Writing in the Atlantic, Barbara J. King explores some of the evidence for spirituality and even religious ritual among some of our closest relatives, chimpanzees.
A study out of the Max Planck Institute for Evolutionary Anthropology published in Nature last month postulated that the rock-throwing activity of some West African chimpanzees may be a ritual act, comparing it to the way in which people build cairns to mark sacred sites.
King, who is a chancellor professor of anthropology at the College of William & Mary, points out in her discussion that the authors of the Nature paper do not themselves use the word “spirituality” in their commentary on the chimpanzees’ behavior. Others have not been so restrained. The evolution from the question of a possible ritual act, reason unknown, to the question whether we now have proof that chimpanzees believe in God was completed by the Mirror and the Daily Mail, both British tabloids.
King dismisses the escalation of explanations of the behavior, saying that
The chasm between apes’ repeated throwing of stones taken from a cache at a tree, and apes’ creating the sacred through repeated action, is immense, and for Stanford, not navigable by science. Apes, as I have noted in my book Evolving God, do engage in certain acts of the imagination, including pulling an imaginary toy on an imaginary string (in captivity), and caring for a log apparently envisioned as a companion (in the wild). I’ve used instances like this, in addition to evidence for things like ape empathy and rule-following, to argue that the very deepest roots of human religiosity can be found in our primate cousins. But that’s a far cry from anointing them with a spiritual sensibility.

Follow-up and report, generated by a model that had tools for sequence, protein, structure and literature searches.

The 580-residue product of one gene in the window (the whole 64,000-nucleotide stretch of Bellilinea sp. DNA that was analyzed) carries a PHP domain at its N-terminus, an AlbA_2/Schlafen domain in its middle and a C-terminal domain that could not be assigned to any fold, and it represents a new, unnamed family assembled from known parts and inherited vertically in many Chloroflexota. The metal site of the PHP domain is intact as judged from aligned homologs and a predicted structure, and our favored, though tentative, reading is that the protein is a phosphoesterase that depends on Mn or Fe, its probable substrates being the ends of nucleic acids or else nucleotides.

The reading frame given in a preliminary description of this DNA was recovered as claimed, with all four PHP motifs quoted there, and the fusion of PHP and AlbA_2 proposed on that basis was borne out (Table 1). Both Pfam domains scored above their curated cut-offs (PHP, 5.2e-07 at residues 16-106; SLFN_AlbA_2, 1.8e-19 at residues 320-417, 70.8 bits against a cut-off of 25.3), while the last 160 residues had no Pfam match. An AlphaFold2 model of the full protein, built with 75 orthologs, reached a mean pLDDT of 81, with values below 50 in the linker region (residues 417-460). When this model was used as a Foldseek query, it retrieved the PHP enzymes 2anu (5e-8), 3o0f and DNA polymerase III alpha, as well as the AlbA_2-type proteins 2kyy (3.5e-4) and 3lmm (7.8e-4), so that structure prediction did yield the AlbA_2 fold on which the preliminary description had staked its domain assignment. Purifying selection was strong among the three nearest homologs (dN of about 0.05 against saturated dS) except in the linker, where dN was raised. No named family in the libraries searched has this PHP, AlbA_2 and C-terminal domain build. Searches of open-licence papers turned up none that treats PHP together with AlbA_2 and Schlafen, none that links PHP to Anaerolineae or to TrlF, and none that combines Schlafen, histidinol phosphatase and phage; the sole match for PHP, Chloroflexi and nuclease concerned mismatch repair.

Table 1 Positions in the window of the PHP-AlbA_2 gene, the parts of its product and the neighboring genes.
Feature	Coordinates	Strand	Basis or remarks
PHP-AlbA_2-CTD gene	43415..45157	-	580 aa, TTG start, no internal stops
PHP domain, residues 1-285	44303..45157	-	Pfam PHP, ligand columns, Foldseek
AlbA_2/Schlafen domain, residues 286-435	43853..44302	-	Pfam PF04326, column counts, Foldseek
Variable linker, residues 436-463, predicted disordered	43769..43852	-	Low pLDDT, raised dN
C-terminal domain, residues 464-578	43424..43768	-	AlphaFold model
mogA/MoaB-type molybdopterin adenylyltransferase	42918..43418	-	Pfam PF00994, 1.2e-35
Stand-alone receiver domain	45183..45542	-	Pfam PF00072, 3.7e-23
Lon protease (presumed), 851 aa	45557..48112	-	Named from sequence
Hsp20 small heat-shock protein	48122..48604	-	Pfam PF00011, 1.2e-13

However, she was given pause by the arguments of Donovan Schaefer in his book, Religious Affects: Animality, Evolution, and Power.
Donovan rejects the Euro-American tendency to equate religion with belief, text, and language. Religion is something we feel in and express with our whole bodies, Schaefer insists, and once we realize this, we are free to see religion in other animals in certain instances of their embodied and emotional practices. …
Compared to us, other animals, Schaefer told me, “have different life-worlds, different fascinations, different interests emerging out of their complex evolutionary histories. That could be waterfalls, wildfires, storms, or features of the landscapes where they live, work, and play that somehow stick out for them. Their religions will be built out of their fascinations, just as our religions are built out of ours.”
By the end of their conversation, King remained unconvinced that it is appropriate to compare our sense of religion and spirituality with whatever is going on inside the minds (and souls?) of our closest relatives; but if we leave behind as too anthropic the question of whether or not chimpanzees “believe in God,” do you think that it is possible for animals to be “spiritual” and/or “religious”?
Read the original Atlantic article here.